The story notes that 0.2% of women dropped out of trials because of side effects, but it does not specify what those side effects were. Nonetheless, we’ll give the story the benefit of the doubt and rate it satisfactory here.

Does the story seem to grasp the quality of the evidence?

Not Satisfactory

The evidence provided in the story is accurate, but somewhat limited: that 70% of cervical cancers are caused by HPV, that the vaccine prevents nearly 100% of these types of HPV, and that the risk for other HPV-related problems (abnormal pap tests, genital warts, etc.) will be greatly reduced. The source of the evidence (trials involving 21,000 women) is not described, however. The notion seems to be that FDA approval implies there is good scientific evidence.

Does the story commit disease-mongering?

Not Satisfactory

The vaccine is being considered for use in the United States, and so it would have been more appropriate to note how many women in this country are expected to be diagnosed with (about 9,700) or die from (about 3,700) cervical cancer this year. Citing the worldwide numbers overstates the impact of the disease here, as does stating that cervical cancer is “one of the most deadly forms.”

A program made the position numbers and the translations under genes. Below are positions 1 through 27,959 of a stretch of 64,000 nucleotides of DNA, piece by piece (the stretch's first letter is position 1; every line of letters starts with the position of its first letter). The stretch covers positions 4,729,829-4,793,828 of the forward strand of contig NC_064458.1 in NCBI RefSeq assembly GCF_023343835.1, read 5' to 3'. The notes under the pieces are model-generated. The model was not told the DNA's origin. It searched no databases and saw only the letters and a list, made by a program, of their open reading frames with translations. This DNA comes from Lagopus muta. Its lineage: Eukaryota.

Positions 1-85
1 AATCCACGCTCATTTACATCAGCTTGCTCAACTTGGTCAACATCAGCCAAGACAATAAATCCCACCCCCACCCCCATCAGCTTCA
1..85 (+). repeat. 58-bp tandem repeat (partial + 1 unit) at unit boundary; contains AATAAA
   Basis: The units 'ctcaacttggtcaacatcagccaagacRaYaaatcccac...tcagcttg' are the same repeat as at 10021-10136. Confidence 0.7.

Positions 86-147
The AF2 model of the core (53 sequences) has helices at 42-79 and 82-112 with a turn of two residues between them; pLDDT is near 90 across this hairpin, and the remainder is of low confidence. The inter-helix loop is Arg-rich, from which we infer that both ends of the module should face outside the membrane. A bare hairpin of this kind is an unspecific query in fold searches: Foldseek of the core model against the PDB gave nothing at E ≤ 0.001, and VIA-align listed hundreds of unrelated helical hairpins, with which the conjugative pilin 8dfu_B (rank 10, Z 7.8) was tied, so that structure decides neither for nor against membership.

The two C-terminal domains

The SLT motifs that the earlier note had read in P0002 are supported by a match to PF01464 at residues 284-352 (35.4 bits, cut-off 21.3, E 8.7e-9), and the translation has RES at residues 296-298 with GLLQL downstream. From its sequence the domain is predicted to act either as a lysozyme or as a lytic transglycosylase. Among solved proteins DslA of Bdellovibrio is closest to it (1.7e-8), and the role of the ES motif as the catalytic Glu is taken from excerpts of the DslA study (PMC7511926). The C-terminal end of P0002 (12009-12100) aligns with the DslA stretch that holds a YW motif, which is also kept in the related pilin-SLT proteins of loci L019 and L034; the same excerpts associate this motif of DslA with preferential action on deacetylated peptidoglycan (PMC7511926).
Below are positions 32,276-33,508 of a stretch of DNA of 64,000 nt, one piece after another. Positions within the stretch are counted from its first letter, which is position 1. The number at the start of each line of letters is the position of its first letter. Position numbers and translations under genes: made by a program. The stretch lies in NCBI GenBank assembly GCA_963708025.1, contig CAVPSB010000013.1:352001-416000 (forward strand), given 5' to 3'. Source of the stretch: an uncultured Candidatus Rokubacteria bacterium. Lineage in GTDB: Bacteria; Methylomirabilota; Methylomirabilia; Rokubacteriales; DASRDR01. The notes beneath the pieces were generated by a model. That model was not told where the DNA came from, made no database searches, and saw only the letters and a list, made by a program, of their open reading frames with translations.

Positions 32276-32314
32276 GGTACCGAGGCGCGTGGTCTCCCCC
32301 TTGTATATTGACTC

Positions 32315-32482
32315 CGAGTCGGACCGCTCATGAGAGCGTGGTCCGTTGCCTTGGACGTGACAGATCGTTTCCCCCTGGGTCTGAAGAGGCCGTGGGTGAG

It is true that problems related to HPV — not cancer deaths, but cancer treatments (including surgery that can cause infertility), as well as abnormal pap smears, diagnostic procedures, and the associated anxiety — do tend to affect young women more. However, highlighting a story of a 28-year-old white woman who was diagnosed with advanced cervical cancer misrepresents the typical situation in the United States for cervical cancer patients. This woman’s experience, while certainly devastating to her family and friends, is not typical. In 2002-03, just 5.6% of cervical cancer deaths were in women aged 34 and younger, while more than 50% were in women aged 57 and older. Death rates are twice as high in black women compared with white women.

Does the story use independent sources and identify conflicts of interest?

Not Satisfactory

The story told by Sara Lyle about her friend’s death from cervical cancer could have been balanced by an expert who commented on how typical or unusual her case was. There is no mention of sources of information or corroboration from any other expert.

Does the story compare the new approach with existing alternatives?

Not Satisfactory

The story does not mention how the new vaccine fits into the context of other available options for reducing the risk for HPV infection, other than a brief mention of abstinence.

Does the story establish the availability of the treatment/test/product/procedure?


The story states that the FDA is expected to approve the vaccine, and that it will probably be available later this summer.

Does the story appear to rely solely or largely on a news release?


There is no evidence that the story relied solely or largely on a news release.

Total Score: 4 of 10 Satisfactory